What I Learned From My 1st Livestream on Twitch
The challenges inspired me to write 2 articles to help producers like me get in front of their fans around the world:
- How To Connect Your DAW To Streamlabs OBS For Livestreaming
- How To Sync A Facetime Camera On A Mac With A PC To Livestream on OBS
So I thought with these roadmaps to hand, I was going to be in for an easy ride. How wrong I was.
First of all, I couldn’t get the virtual webcam to sync up on my Mac using OBS and OBS Ninja. There is a weird thing called an NDI Source that needs to be in place on StreamLabs so you can use the virtual camera.
I was getting the video to show on OBS but not on OBS Ninja. I had entered the URL into the NDI Source on StreamLabs under “Properties” but still nothing.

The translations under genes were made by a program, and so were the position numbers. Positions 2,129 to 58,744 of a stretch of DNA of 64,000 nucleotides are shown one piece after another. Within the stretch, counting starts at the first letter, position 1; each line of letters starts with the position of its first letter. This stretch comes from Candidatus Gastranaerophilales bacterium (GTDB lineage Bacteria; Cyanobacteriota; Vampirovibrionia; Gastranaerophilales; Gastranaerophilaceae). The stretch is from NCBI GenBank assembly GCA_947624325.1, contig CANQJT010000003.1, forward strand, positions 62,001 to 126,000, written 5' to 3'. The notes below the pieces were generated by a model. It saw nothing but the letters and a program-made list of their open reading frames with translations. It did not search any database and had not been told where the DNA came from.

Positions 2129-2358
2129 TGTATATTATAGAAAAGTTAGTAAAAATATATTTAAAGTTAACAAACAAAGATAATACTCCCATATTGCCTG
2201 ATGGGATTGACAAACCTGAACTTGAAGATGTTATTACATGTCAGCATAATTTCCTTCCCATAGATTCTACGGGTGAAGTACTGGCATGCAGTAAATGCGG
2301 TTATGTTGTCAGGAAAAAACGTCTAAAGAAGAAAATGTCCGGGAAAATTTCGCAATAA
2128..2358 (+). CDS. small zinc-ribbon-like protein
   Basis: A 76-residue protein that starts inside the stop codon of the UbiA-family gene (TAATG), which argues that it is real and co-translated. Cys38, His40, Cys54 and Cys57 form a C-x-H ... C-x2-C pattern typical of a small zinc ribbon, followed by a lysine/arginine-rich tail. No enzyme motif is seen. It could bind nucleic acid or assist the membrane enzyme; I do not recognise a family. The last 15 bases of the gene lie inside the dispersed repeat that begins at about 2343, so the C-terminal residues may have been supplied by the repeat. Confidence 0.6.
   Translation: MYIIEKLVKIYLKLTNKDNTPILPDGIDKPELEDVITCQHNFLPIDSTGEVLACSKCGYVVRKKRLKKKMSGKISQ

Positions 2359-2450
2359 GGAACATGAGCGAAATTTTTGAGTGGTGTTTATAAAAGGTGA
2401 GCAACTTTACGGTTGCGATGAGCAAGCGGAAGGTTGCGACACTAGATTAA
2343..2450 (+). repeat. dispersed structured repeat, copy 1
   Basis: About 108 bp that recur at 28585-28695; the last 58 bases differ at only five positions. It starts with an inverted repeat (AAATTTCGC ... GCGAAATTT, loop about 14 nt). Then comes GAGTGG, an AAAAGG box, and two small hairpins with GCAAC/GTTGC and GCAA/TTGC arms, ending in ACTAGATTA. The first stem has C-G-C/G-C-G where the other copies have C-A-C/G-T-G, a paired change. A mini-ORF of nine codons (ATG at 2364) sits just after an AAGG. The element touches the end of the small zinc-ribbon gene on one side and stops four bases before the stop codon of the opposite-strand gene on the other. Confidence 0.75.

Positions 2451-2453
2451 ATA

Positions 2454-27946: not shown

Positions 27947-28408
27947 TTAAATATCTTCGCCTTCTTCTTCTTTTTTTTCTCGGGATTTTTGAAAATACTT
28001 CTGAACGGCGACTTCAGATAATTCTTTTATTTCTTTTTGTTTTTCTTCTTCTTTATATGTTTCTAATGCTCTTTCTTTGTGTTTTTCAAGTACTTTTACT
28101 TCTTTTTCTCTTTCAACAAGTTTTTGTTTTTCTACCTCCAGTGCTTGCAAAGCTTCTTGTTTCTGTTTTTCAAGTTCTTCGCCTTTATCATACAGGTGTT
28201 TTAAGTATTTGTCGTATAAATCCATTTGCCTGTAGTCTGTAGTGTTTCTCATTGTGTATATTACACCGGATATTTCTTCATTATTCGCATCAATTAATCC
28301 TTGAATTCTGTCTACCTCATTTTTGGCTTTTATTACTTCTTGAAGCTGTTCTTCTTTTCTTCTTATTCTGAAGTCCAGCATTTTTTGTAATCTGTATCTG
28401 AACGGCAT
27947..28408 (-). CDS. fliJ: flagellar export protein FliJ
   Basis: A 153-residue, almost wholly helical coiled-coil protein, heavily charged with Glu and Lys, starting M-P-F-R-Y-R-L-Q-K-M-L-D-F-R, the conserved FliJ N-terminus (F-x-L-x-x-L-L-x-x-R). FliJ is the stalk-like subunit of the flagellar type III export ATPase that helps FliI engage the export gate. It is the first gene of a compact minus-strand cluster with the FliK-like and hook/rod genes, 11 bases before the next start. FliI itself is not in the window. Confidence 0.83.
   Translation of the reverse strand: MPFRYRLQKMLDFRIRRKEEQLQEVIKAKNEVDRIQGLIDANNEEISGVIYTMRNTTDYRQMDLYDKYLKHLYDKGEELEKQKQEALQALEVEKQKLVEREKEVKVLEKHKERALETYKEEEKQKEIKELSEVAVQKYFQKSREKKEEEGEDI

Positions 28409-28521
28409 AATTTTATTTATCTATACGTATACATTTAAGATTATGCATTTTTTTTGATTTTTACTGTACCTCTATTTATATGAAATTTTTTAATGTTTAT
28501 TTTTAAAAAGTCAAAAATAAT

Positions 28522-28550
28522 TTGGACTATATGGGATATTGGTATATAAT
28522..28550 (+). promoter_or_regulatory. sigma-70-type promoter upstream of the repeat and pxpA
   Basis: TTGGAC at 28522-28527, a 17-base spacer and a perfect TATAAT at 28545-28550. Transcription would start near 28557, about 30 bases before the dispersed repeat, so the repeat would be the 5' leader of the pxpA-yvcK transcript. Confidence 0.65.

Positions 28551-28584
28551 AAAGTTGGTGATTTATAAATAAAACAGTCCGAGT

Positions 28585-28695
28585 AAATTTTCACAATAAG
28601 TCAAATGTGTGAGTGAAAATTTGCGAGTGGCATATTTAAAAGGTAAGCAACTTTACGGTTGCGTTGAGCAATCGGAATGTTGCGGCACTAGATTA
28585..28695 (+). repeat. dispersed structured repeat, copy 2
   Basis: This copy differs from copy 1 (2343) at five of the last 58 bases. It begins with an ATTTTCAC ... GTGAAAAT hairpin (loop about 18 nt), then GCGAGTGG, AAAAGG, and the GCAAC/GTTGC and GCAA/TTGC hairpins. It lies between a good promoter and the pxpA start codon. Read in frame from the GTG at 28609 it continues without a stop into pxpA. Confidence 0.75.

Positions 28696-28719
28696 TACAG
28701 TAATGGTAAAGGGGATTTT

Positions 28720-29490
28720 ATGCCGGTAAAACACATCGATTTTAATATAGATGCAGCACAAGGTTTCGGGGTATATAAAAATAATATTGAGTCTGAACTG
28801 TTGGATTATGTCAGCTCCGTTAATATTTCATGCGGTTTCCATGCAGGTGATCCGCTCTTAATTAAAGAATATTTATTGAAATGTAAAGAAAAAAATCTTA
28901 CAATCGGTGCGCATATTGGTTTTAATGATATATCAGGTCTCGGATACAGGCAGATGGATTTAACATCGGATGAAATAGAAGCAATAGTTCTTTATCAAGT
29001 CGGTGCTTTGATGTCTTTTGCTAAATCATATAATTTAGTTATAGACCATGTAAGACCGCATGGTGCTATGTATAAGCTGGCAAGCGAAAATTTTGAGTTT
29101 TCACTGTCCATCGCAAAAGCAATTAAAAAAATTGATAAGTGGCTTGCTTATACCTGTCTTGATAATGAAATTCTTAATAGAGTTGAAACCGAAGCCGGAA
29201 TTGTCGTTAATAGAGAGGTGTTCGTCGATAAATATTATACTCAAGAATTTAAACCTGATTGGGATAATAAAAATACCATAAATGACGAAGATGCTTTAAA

I played around with the “Browser Source” and “NDI Source” on StreamLabs & finally managed to get the video stream through with brute force. It felt a little like when Han Solo sees the Millennium Falcon is not going to make it into hyperspace and he smacks the dashboard to get it to boot up and narrowly escape the Imperial Starfleet.
Now to the audio. I remembered to add the ReaStream plugin on the master channel of the Ableton project I was working on so the audio could be relayed to StreamLabs. However, once I hit “Go Live” on StreamLabs, I started getting CPU spikes, crackles and latency.
I deleted a few CPU intensive plugins which helped & then made sure the Limiter on the Master channel was set to -0.3dB so it wasn’t going to peak to the people listening and watching on Twitch.
For the first 2 hours, I worked on a new song I am producing called BRIGHTON ROCKS and the experience was good. I had 5 people viewing and commenting.